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L'essentiel de la littérature réçente en Pneumologie

Dans cette rubrique on vous propose une revue de la littérature à travers une sélection d'abstracts d'articles originaux.
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Racial differences in biologic predictors of severe asthma: Data from the Severe Asthma Research Program Imprimer Envoyer
Dimanche, 12 Décembre 2010 00:58
Background: Biologic factors are known to contribute to asthma severity. It is unknown whether these factors differentially contribute to asthma severity in black compared with white subjects.Objective: We sought to assess the extent to which racial disparities between black and white subjects with severe asthma are attributable to physiologic, immunoinflammatory, and sociodemographic variables.Methods: Black and white asthmatic adults enrolled in a cross-sectional study focused on severe asthma were evaluated. Severe asthma was identified by using the American Thoracic Society definition. After initial univariable analyses, unconditional logistic regression models were used to estimate the probability of having severe asthma for black and white subjects.Results: Differences in severe asthma in black compared with white subjects were observed. In univariable analysis IgE level was not associated with severe asthma in black or white subjects, whereas in multivariable analysis IgE level was significantly associated with severe asthma for black subjects (P = .014) but not for white subjects. The odds of having severe asthma more than doubled for black subjects with 2 or more family members with asthma (P = .026), whereas the odds of severe asthma for white participants with a strong family history of asthma decreased by almost half (P = .05). Atopy was negatively associated with severe asthma in both races in univariable analysis but remained significant only in black subjects, whereas comorbidities were associated with severe asthma in white subjects.Conclusion: Biologic factors were distinctly associated with severe asthma only in black subjects. Studies that incorporate comprehensive evaluation of biologic factors associated with asthma might lead to the development of therapies that target biologic abnormalities in black subjects.
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Early childhood weight status in relation to asthma development in high-risk children Imprimer Envoyer
Dimanche, 12 Décembre 2010 00:57
Background: Obesity has been proposed to be a risk factor for the development of childhood asthma.Objective: We sought to examine weight status from birth to age 5 years in relation to the occurrence of asthma at ages 6 and 8 years.Methods: Two hundred eighty-five full-term high-risk newborns with at least 1 asthmatic/atopic parent enrolled in the Childhood Origin of Asthma project were studied from birth to age 8 years. Overweight was defined by weight-for-length percentiles of greater than the 85th percentile before the age of 2 years and a body mass index percentile of greater than the 85th percentile at ages 2 to 5 years.Results: No significant concurrent association was found between overweight status and wheezing/asthma occurrence at each year of age. In contrast, longitudinal analyses revealed complex relationships between being overweight and asthma. Being overweight at age 1 year was associated with a decreased risk of asthma at age 6 (odds ratio [OR], 0.32; P = .02) and 8 (OR, 0.35; P = .04) years, as well as better lung function. However, being overweight beyond infancy was not associated with asthma occurrence. In fact, only children who were overweight at age 5 years but not at age 1 year had an increased risk of asthma at age 6 years (OR, 5.78; P = .05).Conclusion: In children genetically at high risk of asthma, being overweight at age 1 year was associated with a decreased risk of asthma and better lung function at ages 6 and 8 years. However, being overweight beyond infancy did not have any protective effect and even could confer a higher risk for asthma.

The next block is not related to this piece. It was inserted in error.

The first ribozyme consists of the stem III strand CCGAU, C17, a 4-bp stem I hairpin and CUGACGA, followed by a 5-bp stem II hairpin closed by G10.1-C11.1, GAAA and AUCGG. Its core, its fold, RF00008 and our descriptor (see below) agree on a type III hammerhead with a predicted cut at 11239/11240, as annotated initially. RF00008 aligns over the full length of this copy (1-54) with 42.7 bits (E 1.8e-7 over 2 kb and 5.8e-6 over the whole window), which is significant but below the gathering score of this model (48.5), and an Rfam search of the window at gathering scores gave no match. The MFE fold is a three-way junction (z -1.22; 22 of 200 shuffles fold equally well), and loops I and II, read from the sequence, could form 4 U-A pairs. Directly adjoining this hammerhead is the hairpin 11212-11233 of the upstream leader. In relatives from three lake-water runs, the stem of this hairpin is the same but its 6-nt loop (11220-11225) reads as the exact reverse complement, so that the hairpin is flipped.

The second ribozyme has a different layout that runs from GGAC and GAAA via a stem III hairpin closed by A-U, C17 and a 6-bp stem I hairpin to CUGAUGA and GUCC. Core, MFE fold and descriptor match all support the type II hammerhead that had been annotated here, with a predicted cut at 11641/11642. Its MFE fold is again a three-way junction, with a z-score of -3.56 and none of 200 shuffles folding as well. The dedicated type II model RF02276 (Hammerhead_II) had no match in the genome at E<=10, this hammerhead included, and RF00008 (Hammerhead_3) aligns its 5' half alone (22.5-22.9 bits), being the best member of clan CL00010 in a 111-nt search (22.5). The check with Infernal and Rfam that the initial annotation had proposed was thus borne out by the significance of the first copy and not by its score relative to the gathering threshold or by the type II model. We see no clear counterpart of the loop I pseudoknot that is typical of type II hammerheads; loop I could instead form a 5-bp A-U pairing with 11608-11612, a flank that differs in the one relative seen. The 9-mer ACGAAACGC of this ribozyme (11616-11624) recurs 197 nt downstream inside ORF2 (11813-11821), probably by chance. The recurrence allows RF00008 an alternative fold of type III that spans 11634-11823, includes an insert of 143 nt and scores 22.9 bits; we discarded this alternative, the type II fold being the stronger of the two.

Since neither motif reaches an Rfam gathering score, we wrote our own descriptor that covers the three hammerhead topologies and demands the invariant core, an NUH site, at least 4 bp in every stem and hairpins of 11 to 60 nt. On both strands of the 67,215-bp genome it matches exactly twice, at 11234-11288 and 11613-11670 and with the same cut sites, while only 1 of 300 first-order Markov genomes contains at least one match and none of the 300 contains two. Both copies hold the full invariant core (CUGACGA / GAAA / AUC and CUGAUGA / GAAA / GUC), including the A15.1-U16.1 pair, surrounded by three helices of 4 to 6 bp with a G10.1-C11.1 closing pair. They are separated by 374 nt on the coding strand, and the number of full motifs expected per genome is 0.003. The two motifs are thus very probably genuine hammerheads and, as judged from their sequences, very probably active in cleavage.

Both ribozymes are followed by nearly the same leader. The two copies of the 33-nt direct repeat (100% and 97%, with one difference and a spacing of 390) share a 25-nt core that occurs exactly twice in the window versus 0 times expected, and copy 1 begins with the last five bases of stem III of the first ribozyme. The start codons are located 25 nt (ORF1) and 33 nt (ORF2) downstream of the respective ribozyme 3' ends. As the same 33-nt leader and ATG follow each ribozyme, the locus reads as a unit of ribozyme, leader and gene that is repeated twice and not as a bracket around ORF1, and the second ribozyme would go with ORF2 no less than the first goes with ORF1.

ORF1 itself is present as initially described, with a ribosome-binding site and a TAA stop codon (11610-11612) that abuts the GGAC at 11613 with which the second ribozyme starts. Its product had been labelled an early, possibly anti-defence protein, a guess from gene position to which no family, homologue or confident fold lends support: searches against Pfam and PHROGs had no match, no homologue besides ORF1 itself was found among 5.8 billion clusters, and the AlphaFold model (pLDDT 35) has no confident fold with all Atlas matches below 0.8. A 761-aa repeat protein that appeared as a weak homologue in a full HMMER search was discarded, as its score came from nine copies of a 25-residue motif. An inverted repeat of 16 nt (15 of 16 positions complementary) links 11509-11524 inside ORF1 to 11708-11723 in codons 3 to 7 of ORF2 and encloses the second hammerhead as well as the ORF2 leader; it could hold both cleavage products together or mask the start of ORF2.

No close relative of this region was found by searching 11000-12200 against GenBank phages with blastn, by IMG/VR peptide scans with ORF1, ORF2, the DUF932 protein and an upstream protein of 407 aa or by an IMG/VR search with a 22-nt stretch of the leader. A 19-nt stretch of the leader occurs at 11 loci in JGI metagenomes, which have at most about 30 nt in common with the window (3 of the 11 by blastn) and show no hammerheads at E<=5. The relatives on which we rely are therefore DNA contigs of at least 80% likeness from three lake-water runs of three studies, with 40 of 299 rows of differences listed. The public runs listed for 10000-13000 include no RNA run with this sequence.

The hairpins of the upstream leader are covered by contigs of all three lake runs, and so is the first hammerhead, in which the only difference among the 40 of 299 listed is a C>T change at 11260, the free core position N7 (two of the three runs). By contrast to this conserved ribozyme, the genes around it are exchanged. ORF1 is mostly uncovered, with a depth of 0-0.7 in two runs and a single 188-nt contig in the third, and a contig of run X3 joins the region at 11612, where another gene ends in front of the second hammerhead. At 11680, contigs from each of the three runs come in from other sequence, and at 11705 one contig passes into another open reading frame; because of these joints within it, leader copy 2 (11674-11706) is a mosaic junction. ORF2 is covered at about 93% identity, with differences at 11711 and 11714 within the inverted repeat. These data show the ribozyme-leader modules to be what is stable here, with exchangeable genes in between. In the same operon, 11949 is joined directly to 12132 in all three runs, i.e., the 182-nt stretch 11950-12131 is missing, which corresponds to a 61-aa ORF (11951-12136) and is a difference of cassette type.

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Mast cell activation syndrome: Proposed diagnostic criteria Imprimer Envoyer
Dimanche, 12 Décembre 2010 00:57
The term mast cell activation syndrome (MCAS) is finding increasing use as a diagnosis for subjects who present with signs and symptoms involving the dermis, gastrointestinal track, and cardiovascular system frequently accompanied by neurologic complaints. Such patients often have undergone multiple extensive medical evaluations by different physicians in varied disciplines without a definitive medical diagnosis until the diagnosis of MCAS is applied. However, MCAS as a distinct clinical entity has not been generally accepted, nor do there exist definitive criteria for diagnosis. Based on current understanding of this disease “syndrome” and on what we do know about mast cell activation and resulting pathology, we will explore and propose criteria for its diagnosis. The proposed criteria will be discussed in the context of other disorders involving mast cells or with similar presentations and as a basis for further scientific study and validation.
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